Avoiding the Herds

blue pumpkins

REI’s announcement that they’ll be closed this Black Friday was impressive on many levels. It was a bold move and one that perfectly aligns with their mission that being outside makes our lives better. The news struck us as not just a brilliant marketing tactic but also one that’s very authentic to who they are: an outdoor company.

Perhaps most importantly, REI’s move emphasized the fact that they’re not following the herd. Which got us thinking about the herd mentality and the reality that it can lead us all down paths that we’re not even conscious of choosing –- ones very similar in nature to those on Black Friday. A research report from scientists at the University of Leeds found that it takes a minority of just 5% to influence a crowd’s direction, and that the other 95% follow without realizing it.

So how and why does that happen? It’s human nature to want to follow the herd, to do what everyone else is doing, to feel included, to be a part of the group, to not miss out. Whatever the cause, it’s always a good idea to think about what’s really motivating you.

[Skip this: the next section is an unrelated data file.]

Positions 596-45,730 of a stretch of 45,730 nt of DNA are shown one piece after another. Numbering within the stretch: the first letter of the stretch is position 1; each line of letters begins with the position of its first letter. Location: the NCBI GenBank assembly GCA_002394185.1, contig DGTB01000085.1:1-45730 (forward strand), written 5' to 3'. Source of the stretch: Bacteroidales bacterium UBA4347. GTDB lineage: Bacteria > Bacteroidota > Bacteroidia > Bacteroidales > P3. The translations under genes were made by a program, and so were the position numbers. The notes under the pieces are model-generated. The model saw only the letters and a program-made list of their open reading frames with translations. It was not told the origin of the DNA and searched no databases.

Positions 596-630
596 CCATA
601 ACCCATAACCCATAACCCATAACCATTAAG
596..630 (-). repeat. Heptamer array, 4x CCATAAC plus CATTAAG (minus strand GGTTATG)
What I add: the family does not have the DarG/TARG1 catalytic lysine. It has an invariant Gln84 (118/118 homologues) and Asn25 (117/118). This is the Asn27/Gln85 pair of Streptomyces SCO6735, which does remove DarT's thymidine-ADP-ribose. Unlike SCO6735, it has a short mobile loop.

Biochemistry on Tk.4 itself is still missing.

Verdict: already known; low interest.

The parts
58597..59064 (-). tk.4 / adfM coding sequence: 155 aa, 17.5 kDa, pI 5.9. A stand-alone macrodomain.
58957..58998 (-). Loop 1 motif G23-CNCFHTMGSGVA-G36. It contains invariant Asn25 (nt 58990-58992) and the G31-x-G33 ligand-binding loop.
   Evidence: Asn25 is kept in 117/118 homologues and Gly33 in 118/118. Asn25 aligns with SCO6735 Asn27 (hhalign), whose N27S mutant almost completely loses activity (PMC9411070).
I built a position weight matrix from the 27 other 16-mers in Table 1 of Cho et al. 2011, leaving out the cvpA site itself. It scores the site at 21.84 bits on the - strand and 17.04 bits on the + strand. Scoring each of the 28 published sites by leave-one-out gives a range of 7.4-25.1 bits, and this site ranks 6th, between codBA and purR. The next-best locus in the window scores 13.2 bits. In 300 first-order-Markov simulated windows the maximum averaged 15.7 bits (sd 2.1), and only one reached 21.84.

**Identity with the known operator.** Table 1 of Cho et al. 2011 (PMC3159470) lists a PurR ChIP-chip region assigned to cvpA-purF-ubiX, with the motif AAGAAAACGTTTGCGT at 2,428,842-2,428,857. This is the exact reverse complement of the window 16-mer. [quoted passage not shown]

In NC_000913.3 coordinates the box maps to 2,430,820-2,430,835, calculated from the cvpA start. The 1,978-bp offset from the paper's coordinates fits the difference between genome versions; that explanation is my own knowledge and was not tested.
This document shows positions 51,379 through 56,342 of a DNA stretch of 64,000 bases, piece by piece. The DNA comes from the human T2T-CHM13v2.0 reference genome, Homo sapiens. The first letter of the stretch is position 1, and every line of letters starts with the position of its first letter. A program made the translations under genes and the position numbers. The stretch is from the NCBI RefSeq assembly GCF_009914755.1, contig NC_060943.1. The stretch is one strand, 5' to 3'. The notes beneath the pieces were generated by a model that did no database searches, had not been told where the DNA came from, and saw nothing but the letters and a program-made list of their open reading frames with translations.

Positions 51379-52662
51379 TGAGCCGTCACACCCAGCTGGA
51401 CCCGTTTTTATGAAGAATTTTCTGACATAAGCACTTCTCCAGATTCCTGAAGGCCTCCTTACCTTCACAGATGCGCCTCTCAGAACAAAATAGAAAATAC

But back to Black Friday and the herds. Originally, Black Friday was a day manufactured by retailers to try and drum up business during a very slow period, when families were at home spending time together. It began as a day with unparalleled deals meant to entice people out. And it used to be just that. Lately however, Black Friday has turned into a frenzy, an unruly day of herds. So who really wins? Mostly, the retailers who created the hype –– and not the majority of the people who find themselves shopping at 2 a.m. or fighting the crowds just to park the car.

This Forbes article provides some interesting insights about avoiding the herd mentality. And we’ll continue the topic in our next post where we’ll discuss the herd mentality as it relates to investing. Stay tuned.

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